Cyclocross Race 1

When I say I literally felt like I was going to die; I mean it literally. My heart was racing, I broke out in hives, my stomach was turning and it felt like my entire body was trembling, ever so slightly. I was in a sort of manic sense of cheerfulness. I kept saying things like, "This is cool. Is this cool? It's cool. I'm ok. Maybe I'm not ok? Am I Ok?" If ever there was a person who felt in over their heads it was me. I mean, I once had an anxiety attack about taking my anxiety medication. 

So what was making me freak out? I entered my first cyclocross race. Looking back on my blog, I read a post shortly after I got my cyclocross bike a couple years ago, and I seemed to be toying with the idea of racing. To be honest, I never thought I'd actually do it. That's usually my way of doing things, I'll try a new thing, become obsessed, and then figure that I probably have some sort of undiscovered potential and soon I'll become the top name in that sport. I once took a snowboarding lesson in high school and I was positive that I was going to become a professional. Shortly after, I lose interest and no harm is done.

Anyways, back to cyclocross racing. I wasn't literally shitting my pants, but I was considering it; if it meant I could get out of doing the race. As soon as we got to the course, I noticed the hills looked much steeper, the off-camber parts looked treacherous, and it was one of the windiest days we'd seen in a while. There was also rain in the morning, so we were hearing rumours that the track might be a little slick in some places; news that did not help my body metabolize the stress.

After getting my timing chip from the effervescent, helpful, and kind organizers, I felt a little better. And seeing a familiar face who was racing for the first time too also made me feel a little better. Then it came time to line up. I strategically placed myself near the back, since I didn't even have experience riding in a group before and I did not want to be the cause of a huge pile-up right at the start. At this point, my panic peaked and I was feeling definite fight or flight urges. It's a good thing my jersey was zipped up all the way, or else people would have thought I was inflicted with a serious (and possibly contagious skin disease.) In retrospect, maybe I could have used the stress rash that was creeping up my neck to get out of doing the race.

Going into the race, I had three objectives. I knew I would not be fast. I knew I would not be graceful, and I knew I was going to be hit hard with a very steep learning curve. My goals for the first race were as follows:

  1. Finish the race -- That means a full hour of riding at 110% effort without giving up.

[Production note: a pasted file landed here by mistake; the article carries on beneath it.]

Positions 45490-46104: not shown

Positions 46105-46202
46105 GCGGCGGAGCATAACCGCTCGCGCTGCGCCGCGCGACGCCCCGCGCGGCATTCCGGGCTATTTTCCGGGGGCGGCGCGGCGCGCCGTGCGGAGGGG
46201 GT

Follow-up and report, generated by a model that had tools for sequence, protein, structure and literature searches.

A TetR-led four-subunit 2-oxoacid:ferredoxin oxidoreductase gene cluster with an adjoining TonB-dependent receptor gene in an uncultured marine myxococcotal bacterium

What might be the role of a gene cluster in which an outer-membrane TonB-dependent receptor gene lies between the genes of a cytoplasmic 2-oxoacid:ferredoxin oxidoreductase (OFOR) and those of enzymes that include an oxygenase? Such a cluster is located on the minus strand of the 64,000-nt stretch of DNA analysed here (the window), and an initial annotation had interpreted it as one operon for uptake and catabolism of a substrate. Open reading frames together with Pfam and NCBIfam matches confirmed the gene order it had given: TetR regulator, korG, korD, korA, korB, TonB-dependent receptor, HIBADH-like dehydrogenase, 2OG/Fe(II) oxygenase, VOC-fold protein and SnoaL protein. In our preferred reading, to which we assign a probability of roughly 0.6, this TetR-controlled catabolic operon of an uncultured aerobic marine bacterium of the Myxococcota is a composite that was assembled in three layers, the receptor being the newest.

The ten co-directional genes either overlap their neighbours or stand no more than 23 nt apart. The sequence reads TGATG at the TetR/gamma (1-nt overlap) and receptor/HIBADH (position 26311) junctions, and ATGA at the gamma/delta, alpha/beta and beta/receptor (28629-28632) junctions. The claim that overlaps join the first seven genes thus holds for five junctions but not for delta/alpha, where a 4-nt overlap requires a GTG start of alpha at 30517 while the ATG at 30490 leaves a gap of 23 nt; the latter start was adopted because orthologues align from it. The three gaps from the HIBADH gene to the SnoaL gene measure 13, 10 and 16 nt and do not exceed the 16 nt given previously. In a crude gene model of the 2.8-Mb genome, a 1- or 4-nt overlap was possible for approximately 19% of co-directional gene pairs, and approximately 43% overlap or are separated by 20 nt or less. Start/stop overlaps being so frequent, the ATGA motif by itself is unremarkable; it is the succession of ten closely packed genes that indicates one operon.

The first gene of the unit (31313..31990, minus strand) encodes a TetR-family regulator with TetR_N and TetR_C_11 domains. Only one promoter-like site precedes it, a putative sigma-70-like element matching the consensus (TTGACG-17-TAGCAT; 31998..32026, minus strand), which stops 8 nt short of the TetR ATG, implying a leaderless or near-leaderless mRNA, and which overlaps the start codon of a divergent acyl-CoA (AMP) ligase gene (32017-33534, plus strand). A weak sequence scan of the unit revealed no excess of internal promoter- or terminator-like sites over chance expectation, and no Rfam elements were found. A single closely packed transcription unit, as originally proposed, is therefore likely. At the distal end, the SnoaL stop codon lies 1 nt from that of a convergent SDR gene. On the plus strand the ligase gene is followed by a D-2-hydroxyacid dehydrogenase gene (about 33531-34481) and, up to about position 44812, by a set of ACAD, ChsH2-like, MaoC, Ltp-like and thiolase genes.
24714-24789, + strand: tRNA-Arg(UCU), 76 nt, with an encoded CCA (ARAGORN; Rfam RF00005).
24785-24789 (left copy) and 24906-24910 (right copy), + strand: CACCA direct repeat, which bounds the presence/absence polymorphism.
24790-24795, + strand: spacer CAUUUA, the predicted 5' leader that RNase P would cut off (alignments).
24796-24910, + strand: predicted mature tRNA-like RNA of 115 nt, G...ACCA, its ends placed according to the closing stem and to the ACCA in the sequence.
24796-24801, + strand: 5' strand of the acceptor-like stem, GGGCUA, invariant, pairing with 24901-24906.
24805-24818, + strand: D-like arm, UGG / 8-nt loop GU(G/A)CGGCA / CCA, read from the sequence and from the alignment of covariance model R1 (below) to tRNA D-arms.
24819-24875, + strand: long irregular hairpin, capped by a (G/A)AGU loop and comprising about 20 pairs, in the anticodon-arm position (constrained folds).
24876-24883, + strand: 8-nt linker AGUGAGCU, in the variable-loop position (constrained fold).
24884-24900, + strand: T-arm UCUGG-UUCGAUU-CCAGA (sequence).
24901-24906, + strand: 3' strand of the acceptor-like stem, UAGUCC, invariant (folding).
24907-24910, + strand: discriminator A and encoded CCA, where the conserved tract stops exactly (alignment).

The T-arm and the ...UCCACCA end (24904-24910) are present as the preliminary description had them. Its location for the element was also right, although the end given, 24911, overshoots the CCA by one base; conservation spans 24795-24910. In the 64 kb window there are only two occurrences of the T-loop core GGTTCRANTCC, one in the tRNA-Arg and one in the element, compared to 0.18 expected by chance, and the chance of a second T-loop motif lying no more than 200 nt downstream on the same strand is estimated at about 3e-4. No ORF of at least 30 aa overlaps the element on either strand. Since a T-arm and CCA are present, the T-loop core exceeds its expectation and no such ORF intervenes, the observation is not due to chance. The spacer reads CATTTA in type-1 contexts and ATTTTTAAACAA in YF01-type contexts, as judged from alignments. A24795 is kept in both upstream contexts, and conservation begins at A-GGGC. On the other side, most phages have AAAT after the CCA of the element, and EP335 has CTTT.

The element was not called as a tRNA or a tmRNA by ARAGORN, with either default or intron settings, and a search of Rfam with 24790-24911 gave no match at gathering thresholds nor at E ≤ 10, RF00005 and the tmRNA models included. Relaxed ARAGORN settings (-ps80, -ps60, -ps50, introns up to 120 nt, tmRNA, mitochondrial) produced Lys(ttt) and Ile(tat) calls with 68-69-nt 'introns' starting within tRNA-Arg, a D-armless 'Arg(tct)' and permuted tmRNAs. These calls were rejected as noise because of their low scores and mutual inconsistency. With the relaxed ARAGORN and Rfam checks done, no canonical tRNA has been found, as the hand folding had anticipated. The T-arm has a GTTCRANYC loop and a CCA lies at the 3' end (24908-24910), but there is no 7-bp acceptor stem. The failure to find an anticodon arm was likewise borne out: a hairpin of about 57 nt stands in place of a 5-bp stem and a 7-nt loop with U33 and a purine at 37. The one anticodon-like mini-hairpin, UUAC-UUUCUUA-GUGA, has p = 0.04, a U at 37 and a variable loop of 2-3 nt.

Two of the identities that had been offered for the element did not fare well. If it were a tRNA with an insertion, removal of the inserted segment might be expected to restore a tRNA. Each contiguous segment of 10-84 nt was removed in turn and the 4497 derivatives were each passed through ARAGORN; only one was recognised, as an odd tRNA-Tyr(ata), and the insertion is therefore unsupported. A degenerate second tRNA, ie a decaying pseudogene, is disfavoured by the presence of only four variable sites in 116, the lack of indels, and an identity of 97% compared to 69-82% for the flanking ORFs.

2. Don't fall -- Lots of people fall. I did not want to fall. 
  3. Don't cry -- A person's natural reaction to failure is crying and I was adamant that I did not want to cry. I would try to make it a positive experience.

When the race started, I was surprised to pass someone right at the start. For a second, my anxiety gave way to confidence. However, it was shattered at the first hill. A steep climb on a road bike is one thing, especially when you are riding on pavement, rolling hills, and you have your momentum to help carry you. A steep climb in a cyclocross race comes out of nowhere. You turn a corner and blammo, a steep, greasy, grass hill is right in your face. My time riding a single-speed bike taught me to grind my way up any hill, but at the top of this one, I thought for sure I was going to pass out. We were about two minutes into the race. But I wasn't in last place -- yet. 

 This is my "Kill me now" smile

This is my "Kill me now" smile

The rest of the race went off without much incident unless you could include me huffing and puffing up and down hills, swearing loudly at inanimate objects and totally failing at the traditional cyclocross dismount and remount. (Even though I practiced extensively, hopping on and off your bike while it's moving is really hard when you're completely gutted and exhausted.)

I'm not quite sure when I fell into last place. I think it was midway through the first lap. At that point, I wasn't anxious anymore. But I was hurting. With my partner running around the course, shouting well wishes to me at the best times, it was giving me small glimpses of hope, but the truth was that every inch of my body wanted to quit. 

"I can't do it. I'm going to stop!" I shouted to Charles at one point.

"No, you aren't. Keep going!" He would reply. 

And I kept going. I kept going until I was lapped. Multiple times. And I kept going even when I knew I looked bad and was probably making a small fool of myself. I tried my hardest, and it wasn't enough to even come in a respectable last place. I was dead last. However, I finished the race, didn't fall, and didn't really cry.

For me, not crying was almost impossible because, during the race, I was getting all kinds of encouragement from other riders. That's right. A woman would pass me and say, "You're doing great! Keep it up!" or "You got this!" And not only would that give me new energy, but it also was something I had never experienced in sport before. If you recall, I grew up as a figure skater, where the most famous event was a competitor getting cracked in the knee to prevent her from skating. (If you haven't seen I, Tonya yet, do it! It's really good.)